I wouldn’t worry too much either. Extra weight gain can actually mean extra big baby! I’ve had several friends who ate strictly green smoothie based raw food diets while pregnant and all of them ended up with babies that weighed nearly 10lbs. (all of them girls)! Their babies are not fat at all, but they arrived very tall/long with substantial bone growth. That being said, natural vaginal birth wasn’t possible for them. That’s the only thing I would be worried about…
I find the “Don’t eat after 7pm” rule kind of impractical and stupid. One, I work nights, so that is just not gonna work for me. Two, what if you don’t get home from work until 7pm? Are you going to go to bed hungry? I don’t think so.
Third, I find if I eat too early (about 7:30pm for me on my nights off is ideal for me), I wake up in the middle of the night starving, and that is really not what I want happening!
All of the natural heath literature I’ve been reading recommends not eating just 2 hours before sleep, and if a snack is needed, to keep it within 150 calories–a handful of nuts or some yoghurt with a small piece of fruit.
Roxanne, I don’t mean to be stupid. Obviously if you work late, that doesn’t have to be YOUR rule. It’s mine. I believe the body does best with periodic rests from digestion (including a fast once a month or as you see fit), including a daily one, that is 12 hours long. There is some significant evidence if you study the hormone leptin, that we shouldn’t be eating 6 times a day (like modern food cults teach), but more like what 99% of the world has done, for millenia: eat 3x a day.
Hi. I didn’t know where to ask this question. I’m twenty, and an extremely poor college student in Provo. I want to do the green smoothie thing so badly, but I can’t see myself buying a blender that costs fifty dollars, let alone five hundred. I am totally converted to this way of health, but I only have about a hundred bucks and a cubic foot of fridge space. I can’t just out and buy a juicer or a blender or … a gajillion greens. I feel like I have to eat the way I do because I REALLY can’t afford anything else– and I still eat pretty healthy considering my budget. Brown rice. Organic pasta. Spinach. Canned black beans. Frozen corn. and that’s about it.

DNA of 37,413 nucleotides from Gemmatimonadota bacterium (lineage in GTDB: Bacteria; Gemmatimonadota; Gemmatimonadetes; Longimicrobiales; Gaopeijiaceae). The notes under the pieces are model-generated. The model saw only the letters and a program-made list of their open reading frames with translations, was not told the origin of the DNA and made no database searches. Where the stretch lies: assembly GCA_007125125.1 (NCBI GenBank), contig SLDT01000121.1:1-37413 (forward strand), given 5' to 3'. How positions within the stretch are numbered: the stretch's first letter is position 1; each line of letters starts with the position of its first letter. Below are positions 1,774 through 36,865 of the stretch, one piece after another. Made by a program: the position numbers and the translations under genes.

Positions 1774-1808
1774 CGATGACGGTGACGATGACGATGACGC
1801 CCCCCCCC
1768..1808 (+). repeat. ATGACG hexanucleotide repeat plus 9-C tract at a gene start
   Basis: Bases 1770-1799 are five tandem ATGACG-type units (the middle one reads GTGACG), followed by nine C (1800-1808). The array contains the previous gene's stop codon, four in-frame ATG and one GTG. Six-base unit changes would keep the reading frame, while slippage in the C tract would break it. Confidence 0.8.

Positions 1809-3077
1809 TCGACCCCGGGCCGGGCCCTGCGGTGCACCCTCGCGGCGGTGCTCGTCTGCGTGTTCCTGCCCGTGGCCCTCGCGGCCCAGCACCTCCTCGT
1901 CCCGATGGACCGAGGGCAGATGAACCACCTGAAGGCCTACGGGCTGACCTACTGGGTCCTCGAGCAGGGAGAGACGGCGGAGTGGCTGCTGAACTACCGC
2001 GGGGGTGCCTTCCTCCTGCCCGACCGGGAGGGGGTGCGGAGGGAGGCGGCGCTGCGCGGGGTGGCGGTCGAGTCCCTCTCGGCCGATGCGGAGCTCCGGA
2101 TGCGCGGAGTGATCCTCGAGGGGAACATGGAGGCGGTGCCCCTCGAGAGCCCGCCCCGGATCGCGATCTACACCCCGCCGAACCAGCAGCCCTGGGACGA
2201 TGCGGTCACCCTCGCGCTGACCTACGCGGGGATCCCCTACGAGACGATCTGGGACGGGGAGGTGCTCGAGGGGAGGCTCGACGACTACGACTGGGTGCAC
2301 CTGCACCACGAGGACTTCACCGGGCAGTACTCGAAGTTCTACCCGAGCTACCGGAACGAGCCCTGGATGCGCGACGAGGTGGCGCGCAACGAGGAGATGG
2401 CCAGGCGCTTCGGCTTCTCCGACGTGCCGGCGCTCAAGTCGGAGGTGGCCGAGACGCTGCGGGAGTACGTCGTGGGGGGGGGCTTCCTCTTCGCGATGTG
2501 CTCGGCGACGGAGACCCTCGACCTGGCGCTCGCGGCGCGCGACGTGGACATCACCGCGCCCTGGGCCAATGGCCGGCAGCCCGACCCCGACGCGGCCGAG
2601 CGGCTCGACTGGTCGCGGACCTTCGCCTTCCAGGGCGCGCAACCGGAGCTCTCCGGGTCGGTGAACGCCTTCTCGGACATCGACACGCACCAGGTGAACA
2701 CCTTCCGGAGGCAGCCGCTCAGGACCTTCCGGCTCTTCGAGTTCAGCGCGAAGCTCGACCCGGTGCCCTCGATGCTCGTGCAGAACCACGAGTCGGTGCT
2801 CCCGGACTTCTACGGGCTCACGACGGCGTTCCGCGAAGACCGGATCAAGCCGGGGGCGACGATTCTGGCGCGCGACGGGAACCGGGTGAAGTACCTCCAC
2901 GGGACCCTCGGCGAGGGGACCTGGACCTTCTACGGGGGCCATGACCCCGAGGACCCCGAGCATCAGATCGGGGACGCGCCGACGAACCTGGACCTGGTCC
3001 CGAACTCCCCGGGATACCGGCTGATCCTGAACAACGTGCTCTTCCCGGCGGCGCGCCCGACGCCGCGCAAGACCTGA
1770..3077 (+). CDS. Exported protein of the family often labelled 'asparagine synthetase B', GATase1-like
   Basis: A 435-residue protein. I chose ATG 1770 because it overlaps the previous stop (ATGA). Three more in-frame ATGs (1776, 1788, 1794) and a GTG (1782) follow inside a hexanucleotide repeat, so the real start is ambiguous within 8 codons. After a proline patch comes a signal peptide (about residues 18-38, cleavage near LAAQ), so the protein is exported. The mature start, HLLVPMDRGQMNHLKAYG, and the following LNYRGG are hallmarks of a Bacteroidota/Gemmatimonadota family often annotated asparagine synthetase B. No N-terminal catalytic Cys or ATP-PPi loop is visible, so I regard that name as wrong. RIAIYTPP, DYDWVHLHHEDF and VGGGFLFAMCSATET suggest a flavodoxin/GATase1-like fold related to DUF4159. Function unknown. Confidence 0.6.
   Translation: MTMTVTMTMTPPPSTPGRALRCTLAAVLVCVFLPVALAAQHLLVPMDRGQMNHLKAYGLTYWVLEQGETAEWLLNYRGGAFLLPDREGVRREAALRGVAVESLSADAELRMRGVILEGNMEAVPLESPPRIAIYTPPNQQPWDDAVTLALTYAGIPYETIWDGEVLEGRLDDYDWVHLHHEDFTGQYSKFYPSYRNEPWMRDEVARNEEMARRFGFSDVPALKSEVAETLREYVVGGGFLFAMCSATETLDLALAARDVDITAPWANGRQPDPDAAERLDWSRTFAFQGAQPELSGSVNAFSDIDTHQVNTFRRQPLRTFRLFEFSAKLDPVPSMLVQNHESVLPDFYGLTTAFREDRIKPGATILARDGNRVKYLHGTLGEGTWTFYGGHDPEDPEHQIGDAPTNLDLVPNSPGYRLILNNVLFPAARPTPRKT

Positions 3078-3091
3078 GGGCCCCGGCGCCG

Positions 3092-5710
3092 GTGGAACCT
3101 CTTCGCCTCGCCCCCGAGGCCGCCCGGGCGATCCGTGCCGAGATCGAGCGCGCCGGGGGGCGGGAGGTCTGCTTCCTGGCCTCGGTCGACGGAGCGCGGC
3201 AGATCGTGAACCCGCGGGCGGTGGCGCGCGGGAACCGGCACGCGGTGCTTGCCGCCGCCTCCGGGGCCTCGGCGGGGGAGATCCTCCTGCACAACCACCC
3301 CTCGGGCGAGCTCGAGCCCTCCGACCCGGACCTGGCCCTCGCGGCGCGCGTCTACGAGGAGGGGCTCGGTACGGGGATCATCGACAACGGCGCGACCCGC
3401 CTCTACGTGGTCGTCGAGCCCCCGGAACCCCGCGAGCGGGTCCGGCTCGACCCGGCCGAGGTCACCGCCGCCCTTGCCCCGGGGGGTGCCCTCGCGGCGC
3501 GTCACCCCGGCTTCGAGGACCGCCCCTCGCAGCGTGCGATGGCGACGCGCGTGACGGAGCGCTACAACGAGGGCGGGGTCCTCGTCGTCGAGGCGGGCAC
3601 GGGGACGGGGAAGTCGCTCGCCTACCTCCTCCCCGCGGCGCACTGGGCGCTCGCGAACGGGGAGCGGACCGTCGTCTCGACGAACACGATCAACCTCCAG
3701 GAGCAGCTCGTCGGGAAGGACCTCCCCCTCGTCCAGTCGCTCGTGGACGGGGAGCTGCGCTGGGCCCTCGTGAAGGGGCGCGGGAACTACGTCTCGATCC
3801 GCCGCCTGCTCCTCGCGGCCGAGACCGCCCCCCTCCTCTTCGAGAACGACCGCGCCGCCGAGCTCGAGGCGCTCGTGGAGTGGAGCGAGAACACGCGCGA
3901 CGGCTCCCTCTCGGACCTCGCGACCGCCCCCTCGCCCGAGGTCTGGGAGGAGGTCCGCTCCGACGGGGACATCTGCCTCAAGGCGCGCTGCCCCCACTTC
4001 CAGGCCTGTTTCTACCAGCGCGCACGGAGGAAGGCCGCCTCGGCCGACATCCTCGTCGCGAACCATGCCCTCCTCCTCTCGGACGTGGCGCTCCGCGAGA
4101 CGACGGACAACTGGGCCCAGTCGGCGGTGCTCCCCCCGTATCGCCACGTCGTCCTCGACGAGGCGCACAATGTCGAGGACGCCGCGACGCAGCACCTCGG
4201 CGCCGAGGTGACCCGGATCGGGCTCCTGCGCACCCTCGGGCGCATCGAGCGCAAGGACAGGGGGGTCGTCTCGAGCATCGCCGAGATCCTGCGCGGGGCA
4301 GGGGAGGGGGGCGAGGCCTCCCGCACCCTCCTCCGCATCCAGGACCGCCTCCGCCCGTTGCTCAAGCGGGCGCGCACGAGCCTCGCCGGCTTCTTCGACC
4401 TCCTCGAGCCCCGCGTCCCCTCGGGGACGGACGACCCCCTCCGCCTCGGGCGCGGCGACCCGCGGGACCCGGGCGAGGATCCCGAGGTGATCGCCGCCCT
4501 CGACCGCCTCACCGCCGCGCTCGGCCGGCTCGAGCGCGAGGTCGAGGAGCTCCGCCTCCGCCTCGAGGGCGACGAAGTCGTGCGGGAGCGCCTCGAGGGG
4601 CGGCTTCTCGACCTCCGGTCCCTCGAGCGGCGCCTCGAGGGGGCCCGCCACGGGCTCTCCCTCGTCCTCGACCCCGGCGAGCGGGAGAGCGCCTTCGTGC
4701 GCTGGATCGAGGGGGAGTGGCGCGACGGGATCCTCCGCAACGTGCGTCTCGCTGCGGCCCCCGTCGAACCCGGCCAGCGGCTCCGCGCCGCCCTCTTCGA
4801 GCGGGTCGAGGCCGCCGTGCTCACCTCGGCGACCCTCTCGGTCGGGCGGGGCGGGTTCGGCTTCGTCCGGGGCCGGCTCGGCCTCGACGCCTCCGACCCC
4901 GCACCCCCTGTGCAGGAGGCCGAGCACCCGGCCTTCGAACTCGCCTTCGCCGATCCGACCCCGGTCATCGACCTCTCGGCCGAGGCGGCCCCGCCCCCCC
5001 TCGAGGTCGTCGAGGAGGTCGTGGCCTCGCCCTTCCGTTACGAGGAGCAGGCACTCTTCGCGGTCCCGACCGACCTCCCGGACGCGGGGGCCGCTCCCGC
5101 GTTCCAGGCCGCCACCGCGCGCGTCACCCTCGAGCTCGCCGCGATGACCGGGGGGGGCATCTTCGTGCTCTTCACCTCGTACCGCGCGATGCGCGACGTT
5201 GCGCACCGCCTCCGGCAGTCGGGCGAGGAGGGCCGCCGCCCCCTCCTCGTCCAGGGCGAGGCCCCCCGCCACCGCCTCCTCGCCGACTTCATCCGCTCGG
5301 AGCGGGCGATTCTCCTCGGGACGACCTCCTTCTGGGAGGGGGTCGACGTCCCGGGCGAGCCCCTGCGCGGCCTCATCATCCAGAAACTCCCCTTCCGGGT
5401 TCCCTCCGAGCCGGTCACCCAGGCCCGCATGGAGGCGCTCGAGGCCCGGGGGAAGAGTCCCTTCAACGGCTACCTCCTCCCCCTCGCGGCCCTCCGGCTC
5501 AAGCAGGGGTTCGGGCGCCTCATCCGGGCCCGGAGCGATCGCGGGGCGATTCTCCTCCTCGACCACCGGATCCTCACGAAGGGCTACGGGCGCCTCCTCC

How can I do this without any tools or money?
sorry, one more. You should do a show specifically for kids in college. We’re the moms of tomorrow.
I’m Robyn’s event coordinator. I like your idea about having a class specifically for kids in college. Why don’t you email me and we can brainstorm how to get a group of students together to get Robyn to speak at your college or university? My email address is email@example.com
I wonder if you could find a mom around here who would let you use her blender and ingredients in return for making the green smoothies for the family? I know Robyn says it takes only 10 minutes a day, but I guess I am a kitchen klutz, because it often takes me significantly longer, and I make a massive mess. If I was close by you, I would be willing to have you come over and make the smoothies, put them in the fridge, and take one for yourself. I am in North Orem now, so I am probably not close to you, but maybe you could find a family nearby?
How about this? Do you think that enough people in your apartment complex or ward would be interested in the GSG way of life that they would all go in on a blender, and share fridge space, and maybe get a Costco membership together (cheaper spinach)? You could take turns with the blender and at least be able to make GS every other day or 3 days. That’s better than 0, right?
These are both really good ideas, but both would be pretty difficult to execute, just because of where I live and what my schedule is like. I am thinking about maybe donating plasma for a couple months in order to raise the money for my own blender. Hey, then I will definitely have a pretty firm attachment to it. 🙂
Thanks so much for replying!